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The Art of Grieving

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“She’s in a better place.”

I’ve never known a phrase to have the ability to make me more irrationally angry almost instantaneously as those five words. Yes, my brain knows the words to be true, meant to comfort the grieving. The gold cross I wear around my neck that represents my faith reminds me daily, hourly, that she rests with the Lord in His heavenly kingdom, and that she is at peace. My heart, however, carries a deep ache within itself, begging to comprehend and cope.

Just a few short months after saying a final goodbye, I’m surprised to find that the once paralyzing heartache has dulled. I’m able to get through the day, one mundane task at a time, flooding my thoughts with scientific facts. They, whoever ‘they’ are, say that ability comes with time. The ability to get through your day to day details, to compartmentalize your emotions, to function like a human being again.

What ‘they’ don’t warn you about is the nausea-inducing guilt that comes with the natural process of moving on.

I’m able to wake clear minded in the morning to the sound of my alarm, his soft breath whisping along the nape of my neck, and wash my hair in peace as I run through my schedule for the coming day. I make a pot of coffee, and sip the steamy caffeine between giggles at our kitchen table as my spookier half scrambles looking for that awful green tie I’ve tried to throw out on three separate occasions. I drive us to our office, appreciating the blooming of the flowers along the edge of the dirt road, as his thumb drums against my thigh the beat of the classic rock song playing softly in the background.

It’s later in the day when I’m surrounded by mounds of case files, elbow deep in expense reports that reality catches me off guard and sucker punches me with the reminder. It’s when I’m in the middle of folding my third load of laundry, and the small angel figurine that sits next to my perfume bottles catches my eye. It’s in the middle of my search for the pineapple upside down cake recipe, and I think to just call her quickly, for she has it memorized. It’s these ordinary moments that my stomach feels suddenly heavy, and the tears I didn’t know were present have already begun their familiar track down my face to my chin. It’s in these random moments that I remember that she’s gone.

‘They’ don’t tell you that no matter how many deaths you’ve had to deal with over time, that each death hurts differently. Some feel sudden, and fill you with an immense amount of anger that you weren’t even aware you could muster, while others overwhelm you with sadness and sorrow, leaving an empty space in your heart where a bit of happiness used to reside. Then there is the rare death that imprints itself so deeply into your soul, that you’re positive you’ll never be the same afterwards. My father, my sister, my daughter, and my mother, no loss feels the same.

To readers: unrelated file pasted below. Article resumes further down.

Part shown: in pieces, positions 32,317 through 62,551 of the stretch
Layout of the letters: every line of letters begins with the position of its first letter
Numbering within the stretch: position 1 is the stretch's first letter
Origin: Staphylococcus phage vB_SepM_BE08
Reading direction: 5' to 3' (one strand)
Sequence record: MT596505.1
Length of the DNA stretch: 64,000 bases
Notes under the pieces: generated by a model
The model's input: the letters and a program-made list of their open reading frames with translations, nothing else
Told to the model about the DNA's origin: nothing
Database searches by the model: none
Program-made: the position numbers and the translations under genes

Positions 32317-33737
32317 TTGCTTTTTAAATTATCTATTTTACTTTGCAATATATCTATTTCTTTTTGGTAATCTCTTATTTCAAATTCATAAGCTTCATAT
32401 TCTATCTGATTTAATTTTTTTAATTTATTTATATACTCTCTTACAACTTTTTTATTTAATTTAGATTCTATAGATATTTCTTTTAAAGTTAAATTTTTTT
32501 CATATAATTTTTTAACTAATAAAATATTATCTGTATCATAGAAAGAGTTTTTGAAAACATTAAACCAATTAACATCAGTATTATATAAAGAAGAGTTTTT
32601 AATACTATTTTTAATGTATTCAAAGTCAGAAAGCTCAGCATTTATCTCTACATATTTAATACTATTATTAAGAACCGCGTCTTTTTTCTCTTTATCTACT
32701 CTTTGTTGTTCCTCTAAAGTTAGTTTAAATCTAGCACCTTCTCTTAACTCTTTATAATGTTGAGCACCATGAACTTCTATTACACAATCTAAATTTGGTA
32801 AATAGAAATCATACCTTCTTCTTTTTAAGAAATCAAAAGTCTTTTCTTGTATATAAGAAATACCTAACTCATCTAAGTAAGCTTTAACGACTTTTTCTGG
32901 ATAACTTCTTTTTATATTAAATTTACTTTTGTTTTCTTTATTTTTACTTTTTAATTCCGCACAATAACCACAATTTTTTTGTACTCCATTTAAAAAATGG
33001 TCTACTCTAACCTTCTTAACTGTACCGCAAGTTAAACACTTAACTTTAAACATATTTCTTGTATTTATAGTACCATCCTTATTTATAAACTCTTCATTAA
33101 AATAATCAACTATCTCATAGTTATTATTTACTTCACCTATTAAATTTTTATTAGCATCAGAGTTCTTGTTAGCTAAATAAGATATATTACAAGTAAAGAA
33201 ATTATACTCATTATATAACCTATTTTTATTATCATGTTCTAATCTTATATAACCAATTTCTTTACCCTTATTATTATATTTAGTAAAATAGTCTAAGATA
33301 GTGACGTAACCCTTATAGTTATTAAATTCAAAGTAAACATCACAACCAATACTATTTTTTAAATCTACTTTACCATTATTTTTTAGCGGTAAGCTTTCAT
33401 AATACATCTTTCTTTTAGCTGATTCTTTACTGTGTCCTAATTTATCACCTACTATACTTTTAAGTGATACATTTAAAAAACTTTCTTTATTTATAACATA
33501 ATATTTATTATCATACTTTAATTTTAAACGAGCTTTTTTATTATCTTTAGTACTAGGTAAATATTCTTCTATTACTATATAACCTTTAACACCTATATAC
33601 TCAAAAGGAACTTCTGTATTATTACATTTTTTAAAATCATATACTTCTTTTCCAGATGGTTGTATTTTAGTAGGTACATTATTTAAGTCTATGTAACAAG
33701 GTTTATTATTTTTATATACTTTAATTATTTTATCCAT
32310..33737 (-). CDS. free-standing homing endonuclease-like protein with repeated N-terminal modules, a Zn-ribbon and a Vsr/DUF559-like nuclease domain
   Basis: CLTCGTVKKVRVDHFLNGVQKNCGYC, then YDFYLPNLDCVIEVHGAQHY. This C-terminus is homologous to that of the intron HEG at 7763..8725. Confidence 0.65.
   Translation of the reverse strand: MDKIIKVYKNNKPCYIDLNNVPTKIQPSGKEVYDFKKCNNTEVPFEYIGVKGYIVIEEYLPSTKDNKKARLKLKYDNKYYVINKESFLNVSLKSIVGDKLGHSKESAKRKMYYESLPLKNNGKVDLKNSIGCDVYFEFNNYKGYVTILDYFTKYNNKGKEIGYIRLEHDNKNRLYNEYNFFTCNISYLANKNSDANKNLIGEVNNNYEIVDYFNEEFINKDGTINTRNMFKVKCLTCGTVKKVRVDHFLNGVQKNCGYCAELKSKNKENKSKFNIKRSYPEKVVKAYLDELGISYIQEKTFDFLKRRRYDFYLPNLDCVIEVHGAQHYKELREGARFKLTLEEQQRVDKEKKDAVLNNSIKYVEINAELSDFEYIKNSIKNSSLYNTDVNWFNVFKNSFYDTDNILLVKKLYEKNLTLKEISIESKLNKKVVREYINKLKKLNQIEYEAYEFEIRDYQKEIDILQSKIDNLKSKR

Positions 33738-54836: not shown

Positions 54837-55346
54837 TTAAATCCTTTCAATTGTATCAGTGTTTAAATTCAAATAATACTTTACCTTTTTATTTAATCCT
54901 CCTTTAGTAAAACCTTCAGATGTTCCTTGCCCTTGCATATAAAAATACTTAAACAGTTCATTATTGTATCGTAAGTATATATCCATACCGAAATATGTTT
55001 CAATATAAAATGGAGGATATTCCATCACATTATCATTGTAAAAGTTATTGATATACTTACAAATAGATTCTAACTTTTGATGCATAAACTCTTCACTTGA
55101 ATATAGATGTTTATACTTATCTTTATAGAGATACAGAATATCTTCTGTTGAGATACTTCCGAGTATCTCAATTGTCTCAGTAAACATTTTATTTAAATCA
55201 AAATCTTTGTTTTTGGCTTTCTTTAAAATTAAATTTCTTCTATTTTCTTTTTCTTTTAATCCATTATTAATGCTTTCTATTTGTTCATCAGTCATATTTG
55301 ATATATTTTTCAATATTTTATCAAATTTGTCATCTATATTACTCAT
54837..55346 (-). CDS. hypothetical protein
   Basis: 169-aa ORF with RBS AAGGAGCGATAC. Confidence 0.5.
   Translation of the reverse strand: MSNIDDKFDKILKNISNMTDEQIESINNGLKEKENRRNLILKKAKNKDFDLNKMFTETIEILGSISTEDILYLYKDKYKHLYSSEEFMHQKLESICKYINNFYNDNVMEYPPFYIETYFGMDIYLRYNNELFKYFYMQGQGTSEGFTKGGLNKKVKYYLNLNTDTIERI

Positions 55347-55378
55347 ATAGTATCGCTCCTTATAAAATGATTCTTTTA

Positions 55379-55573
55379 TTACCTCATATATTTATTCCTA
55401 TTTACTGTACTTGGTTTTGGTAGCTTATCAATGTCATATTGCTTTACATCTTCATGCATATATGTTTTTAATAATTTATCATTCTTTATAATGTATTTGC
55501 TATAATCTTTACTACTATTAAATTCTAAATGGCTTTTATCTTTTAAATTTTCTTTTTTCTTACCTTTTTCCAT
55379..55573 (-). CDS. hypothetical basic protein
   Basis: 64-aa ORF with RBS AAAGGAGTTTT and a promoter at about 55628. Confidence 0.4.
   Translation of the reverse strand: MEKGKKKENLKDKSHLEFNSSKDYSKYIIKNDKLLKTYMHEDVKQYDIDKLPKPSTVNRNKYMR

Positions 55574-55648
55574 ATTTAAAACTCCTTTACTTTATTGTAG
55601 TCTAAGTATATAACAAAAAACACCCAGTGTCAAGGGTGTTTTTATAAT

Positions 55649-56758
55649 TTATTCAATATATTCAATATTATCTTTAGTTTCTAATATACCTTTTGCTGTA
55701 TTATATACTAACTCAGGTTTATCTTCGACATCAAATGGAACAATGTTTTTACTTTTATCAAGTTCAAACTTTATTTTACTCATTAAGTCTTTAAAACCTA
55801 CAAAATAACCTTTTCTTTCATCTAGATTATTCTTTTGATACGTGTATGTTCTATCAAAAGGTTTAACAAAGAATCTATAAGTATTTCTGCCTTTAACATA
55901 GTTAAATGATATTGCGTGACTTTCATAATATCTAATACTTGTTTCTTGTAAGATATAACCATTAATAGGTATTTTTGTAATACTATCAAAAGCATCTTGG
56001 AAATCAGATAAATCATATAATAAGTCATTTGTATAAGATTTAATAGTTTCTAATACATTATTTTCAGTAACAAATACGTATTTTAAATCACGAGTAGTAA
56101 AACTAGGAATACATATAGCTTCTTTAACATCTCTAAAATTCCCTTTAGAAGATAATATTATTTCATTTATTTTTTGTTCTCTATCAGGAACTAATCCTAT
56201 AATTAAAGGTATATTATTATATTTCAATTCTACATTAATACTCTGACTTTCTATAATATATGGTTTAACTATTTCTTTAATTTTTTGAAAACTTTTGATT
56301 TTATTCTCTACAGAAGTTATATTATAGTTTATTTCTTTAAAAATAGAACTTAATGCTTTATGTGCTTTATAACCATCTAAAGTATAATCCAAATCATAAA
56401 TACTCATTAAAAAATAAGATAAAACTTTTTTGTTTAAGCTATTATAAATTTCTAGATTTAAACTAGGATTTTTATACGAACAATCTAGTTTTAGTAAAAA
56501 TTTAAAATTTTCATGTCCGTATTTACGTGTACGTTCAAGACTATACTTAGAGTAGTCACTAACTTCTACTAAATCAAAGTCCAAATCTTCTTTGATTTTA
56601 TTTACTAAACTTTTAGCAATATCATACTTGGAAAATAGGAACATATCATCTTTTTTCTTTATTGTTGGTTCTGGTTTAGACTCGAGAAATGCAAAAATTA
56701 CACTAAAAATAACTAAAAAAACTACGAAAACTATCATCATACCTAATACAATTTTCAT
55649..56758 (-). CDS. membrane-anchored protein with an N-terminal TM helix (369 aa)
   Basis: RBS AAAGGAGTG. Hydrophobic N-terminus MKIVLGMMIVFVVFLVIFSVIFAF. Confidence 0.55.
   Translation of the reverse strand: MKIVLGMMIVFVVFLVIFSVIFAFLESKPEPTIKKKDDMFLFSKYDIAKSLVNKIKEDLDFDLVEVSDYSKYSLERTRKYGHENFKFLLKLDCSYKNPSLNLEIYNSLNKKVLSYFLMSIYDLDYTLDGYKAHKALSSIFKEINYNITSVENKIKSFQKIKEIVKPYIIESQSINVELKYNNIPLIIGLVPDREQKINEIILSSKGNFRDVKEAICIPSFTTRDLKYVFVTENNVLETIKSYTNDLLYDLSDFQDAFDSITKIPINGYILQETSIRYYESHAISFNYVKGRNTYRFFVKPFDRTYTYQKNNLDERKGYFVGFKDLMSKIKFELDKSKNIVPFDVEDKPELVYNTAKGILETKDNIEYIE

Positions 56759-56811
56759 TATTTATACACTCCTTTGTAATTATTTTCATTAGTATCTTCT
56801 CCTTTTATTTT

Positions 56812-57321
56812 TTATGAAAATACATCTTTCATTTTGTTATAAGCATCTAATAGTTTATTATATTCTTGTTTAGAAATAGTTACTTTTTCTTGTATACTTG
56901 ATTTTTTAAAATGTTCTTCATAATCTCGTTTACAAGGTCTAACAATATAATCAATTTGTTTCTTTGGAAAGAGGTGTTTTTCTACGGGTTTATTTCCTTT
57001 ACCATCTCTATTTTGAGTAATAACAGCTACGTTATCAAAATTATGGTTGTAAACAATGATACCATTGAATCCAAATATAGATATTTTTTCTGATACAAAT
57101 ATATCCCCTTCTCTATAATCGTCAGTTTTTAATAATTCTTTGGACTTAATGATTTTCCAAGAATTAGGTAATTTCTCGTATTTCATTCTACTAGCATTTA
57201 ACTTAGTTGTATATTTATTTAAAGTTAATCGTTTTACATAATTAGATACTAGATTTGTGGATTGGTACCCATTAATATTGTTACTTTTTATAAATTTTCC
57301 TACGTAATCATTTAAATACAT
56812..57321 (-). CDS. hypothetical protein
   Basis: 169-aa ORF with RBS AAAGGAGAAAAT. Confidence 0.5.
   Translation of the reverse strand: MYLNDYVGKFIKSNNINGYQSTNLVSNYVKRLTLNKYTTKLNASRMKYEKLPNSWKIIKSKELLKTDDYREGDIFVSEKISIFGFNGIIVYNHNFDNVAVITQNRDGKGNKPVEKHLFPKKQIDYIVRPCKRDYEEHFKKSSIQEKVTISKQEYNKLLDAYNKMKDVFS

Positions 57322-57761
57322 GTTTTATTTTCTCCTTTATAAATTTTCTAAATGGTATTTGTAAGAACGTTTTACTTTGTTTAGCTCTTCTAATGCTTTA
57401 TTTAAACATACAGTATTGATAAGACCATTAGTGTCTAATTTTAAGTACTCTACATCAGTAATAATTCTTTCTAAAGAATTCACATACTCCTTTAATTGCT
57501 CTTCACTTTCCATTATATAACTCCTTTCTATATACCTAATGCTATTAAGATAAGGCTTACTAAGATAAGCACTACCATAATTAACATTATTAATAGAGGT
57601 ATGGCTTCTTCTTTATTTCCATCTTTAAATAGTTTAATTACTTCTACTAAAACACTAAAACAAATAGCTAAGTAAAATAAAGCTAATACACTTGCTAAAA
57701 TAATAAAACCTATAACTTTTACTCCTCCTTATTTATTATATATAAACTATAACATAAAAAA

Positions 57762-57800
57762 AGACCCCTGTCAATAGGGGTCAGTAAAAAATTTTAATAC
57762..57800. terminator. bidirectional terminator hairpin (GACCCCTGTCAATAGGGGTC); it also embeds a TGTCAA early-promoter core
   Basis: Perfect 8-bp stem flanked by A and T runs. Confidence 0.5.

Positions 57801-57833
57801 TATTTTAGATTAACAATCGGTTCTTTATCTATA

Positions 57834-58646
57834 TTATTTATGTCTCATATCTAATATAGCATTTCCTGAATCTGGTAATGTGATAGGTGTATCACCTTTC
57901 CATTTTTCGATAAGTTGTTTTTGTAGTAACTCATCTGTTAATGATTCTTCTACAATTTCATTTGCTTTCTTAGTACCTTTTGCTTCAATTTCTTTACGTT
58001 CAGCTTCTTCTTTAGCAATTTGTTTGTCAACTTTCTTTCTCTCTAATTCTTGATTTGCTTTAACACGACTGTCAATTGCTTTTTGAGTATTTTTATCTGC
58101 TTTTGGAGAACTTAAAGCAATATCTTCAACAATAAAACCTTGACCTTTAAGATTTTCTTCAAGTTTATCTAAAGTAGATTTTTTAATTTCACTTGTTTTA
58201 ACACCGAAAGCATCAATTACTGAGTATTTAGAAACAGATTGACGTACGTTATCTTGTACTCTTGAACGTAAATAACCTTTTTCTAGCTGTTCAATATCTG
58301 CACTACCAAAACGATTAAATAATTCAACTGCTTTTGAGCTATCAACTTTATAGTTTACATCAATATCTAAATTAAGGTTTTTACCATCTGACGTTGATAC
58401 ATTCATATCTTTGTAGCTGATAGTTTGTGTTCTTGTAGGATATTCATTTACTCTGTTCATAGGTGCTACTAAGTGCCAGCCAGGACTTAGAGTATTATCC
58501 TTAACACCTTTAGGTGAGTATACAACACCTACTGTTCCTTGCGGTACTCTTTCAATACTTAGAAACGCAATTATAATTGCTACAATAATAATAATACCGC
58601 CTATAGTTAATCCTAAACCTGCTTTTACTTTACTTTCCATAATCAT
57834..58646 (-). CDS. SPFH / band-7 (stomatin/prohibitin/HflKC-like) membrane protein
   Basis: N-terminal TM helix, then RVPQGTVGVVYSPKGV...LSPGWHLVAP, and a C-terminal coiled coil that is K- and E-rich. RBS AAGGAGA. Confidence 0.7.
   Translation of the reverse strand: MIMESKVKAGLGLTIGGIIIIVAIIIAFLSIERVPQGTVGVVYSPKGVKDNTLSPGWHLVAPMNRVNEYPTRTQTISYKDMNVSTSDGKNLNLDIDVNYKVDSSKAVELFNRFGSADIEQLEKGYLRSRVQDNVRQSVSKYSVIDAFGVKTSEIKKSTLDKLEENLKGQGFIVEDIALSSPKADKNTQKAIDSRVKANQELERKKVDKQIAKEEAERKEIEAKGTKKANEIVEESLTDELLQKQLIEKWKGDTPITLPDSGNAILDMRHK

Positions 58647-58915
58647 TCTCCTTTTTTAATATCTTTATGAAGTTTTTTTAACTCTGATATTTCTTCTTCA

Memories have a way of sneaking up on you when you least expect them. When I was 17 my mother picked me up from school just after lunch, knowing I was having a rough day. I was one of the few junior girls who hadn’t been asked to prom that year, and though I tried to put on a strong face, she saw right through it. I was never able to hide my feelings from her. She whisked me off to the beach, and we sat there together for hours under the umbrella, sipping iced tea, watching the waves roll in. Just the two of us.

Another time, years earlier, my ego was bruised when Missy told me she didn’t want me to go to the park with her. My mom found me sitting on the porch alone, poking at the dirt with a stray stick I’d found in the yard. She quickly hustled me into the car, and took me for ice cream. Just the two of us. Our little secret, she’d said.

My mom was the one who kissed the scrapes and bruises. She was the one who picked me up when I fell, urging me to try again because she knew in her heart that I would succeed. She was my cheerleader, my support system, my safe haven.

I talk to her sometimes, late at night when I can’t sleep and the home office downstairs is occupied. I imagine her sitting at the foot of my bed as I tell her about my day, or about the ins-and-outs of the case we are working on. I tell her about my fears of the future, and of my regrets that I can’t seem to let go of or make peace with. I confess the darkest secrets that I hold deep inside, the ones I don’t dare to vocalize to another living soul. I tell her all of the things I wish I’d have said when she was alive. I thank her for being such an amazing mother, who sacrificed so much and always put her children first. I thank her for being my best friend, a voice of reason and comfort when I needed it most. I tell her that I’m sorry I didn’t call more often, or make the time to just sit and be present with her. I ask her to take care of Ahab, Missy, and Emily, and to make sure Mulder’s family knows that he’s doing well. I ask her to watch over us in our times of hardship and danger.

But mostly I tell her that I love her, and that I miss her everyday.